SAGE Journal Articles
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Abstract: The article discusses judicial activism in the light of research into the attitudes of English judges, and a comparator group of US judges, towards judicial selection, judicial training and sentencing practice. Noting commonalities and shared perspectives, it is argued that the findings indicate enduring features of occupational culture that originate in relations within the legal workgroup and the practical craft of judging. Against the context of highly conventional attitudes, a conservative form of judicial activism is found in respect of resistance to legislative and policy innovation.
Journal Article #2: Garcia, S. M., Darley, J. M., & Ribinson, R. J. (2001). Morally questionable tactics: Negotiations between district attorneys and public defenders. Personality and Social Psychology Bulletin, 27, 731–743.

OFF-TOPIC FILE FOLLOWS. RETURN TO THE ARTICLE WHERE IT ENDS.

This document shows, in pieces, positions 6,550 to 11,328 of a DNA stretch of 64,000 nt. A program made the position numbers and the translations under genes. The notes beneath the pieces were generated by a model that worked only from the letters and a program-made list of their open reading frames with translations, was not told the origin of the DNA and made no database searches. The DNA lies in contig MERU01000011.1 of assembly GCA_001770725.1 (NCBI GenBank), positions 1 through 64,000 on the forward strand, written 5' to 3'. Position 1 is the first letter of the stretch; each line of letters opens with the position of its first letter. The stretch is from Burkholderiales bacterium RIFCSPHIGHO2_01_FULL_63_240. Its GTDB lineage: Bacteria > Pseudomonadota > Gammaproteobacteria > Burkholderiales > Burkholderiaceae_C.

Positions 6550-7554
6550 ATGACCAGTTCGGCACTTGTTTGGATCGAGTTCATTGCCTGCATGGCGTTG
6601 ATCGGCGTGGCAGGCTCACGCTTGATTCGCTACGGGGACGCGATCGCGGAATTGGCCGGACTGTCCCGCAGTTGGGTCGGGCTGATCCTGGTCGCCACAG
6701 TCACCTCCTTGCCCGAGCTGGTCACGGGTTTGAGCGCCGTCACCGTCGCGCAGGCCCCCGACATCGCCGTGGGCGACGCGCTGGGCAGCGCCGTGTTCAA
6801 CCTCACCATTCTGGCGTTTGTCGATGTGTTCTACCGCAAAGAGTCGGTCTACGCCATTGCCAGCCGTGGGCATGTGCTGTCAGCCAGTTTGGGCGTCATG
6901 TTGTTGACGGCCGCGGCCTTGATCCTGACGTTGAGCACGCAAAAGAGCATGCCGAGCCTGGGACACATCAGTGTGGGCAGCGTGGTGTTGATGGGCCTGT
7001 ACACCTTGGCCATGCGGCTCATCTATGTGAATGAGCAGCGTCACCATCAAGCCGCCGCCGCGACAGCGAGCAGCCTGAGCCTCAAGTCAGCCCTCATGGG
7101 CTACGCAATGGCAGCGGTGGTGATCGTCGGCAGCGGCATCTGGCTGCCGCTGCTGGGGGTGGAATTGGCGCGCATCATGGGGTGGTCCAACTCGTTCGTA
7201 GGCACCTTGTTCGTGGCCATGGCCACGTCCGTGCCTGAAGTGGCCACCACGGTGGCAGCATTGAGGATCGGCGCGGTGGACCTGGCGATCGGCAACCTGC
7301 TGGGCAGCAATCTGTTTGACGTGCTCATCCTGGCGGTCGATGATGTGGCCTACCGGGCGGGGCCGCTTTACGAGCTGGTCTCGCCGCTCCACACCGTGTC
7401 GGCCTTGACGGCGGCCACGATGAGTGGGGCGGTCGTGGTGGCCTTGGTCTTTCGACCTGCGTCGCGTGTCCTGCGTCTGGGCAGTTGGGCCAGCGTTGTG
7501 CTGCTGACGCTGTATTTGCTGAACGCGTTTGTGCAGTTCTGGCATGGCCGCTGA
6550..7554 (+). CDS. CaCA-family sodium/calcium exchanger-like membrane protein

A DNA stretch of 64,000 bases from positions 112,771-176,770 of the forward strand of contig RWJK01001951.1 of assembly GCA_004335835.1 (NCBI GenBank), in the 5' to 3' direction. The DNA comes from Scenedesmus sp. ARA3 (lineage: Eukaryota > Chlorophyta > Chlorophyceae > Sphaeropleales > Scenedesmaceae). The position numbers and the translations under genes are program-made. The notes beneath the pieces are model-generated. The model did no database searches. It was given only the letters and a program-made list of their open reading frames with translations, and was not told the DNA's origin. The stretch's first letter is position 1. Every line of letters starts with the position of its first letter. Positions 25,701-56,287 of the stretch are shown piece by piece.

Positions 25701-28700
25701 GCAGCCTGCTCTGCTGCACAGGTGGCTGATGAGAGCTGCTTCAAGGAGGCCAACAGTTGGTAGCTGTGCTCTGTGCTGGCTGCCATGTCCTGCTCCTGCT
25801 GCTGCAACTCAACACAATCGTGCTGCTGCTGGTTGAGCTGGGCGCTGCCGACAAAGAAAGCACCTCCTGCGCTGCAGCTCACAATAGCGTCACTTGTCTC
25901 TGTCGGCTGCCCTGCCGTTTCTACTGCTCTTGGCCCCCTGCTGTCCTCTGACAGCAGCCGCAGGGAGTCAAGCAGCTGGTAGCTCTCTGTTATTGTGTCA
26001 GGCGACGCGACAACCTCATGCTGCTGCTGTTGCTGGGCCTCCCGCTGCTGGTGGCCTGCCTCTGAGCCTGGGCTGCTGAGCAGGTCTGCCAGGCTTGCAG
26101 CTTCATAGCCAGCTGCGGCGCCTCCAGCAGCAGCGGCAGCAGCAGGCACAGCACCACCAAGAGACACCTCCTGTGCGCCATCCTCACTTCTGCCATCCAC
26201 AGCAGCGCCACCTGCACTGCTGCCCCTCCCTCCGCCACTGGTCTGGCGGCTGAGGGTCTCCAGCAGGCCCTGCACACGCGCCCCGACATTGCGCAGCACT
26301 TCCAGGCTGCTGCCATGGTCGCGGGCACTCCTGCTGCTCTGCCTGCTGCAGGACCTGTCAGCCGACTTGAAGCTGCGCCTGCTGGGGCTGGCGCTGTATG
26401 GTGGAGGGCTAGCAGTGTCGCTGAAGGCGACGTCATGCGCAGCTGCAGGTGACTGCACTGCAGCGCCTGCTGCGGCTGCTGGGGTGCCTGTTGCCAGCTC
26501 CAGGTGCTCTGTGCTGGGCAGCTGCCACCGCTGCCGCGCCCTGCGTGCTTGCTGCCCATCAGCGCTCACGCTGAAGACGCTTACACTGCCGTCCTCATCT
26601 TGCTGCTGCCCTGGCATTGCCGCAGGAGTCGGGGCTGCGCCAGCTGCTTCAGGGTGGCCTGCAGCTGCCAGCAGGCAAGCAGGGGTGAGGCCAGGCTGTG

Abstract: A questionnaire study about bargaining tactics was conducted among 163 public defenders (PDs) and district attorneys (DAs) in the criminal justice system. The authors hypothesized that PDs (defensive roles) would perceive questionable tactics to be more appropriate than would DAs (offensive roles), that PDs and DAs would elevate their approval of questionable tactics for counter aggression purposes, and that PDs would elevate their approval for counter aggression to a greater extent than would DAs. Results supported these hypotheses. The authors also examined the basis of the status quo bias, because previous status quo bias studies always confounded power with defensive role. After testing four status quo bias hypotheses, results suggested that, contrary to previous explanations, a defender-challenger framework sometimes provides a better account of the status quo bias than does a power framework.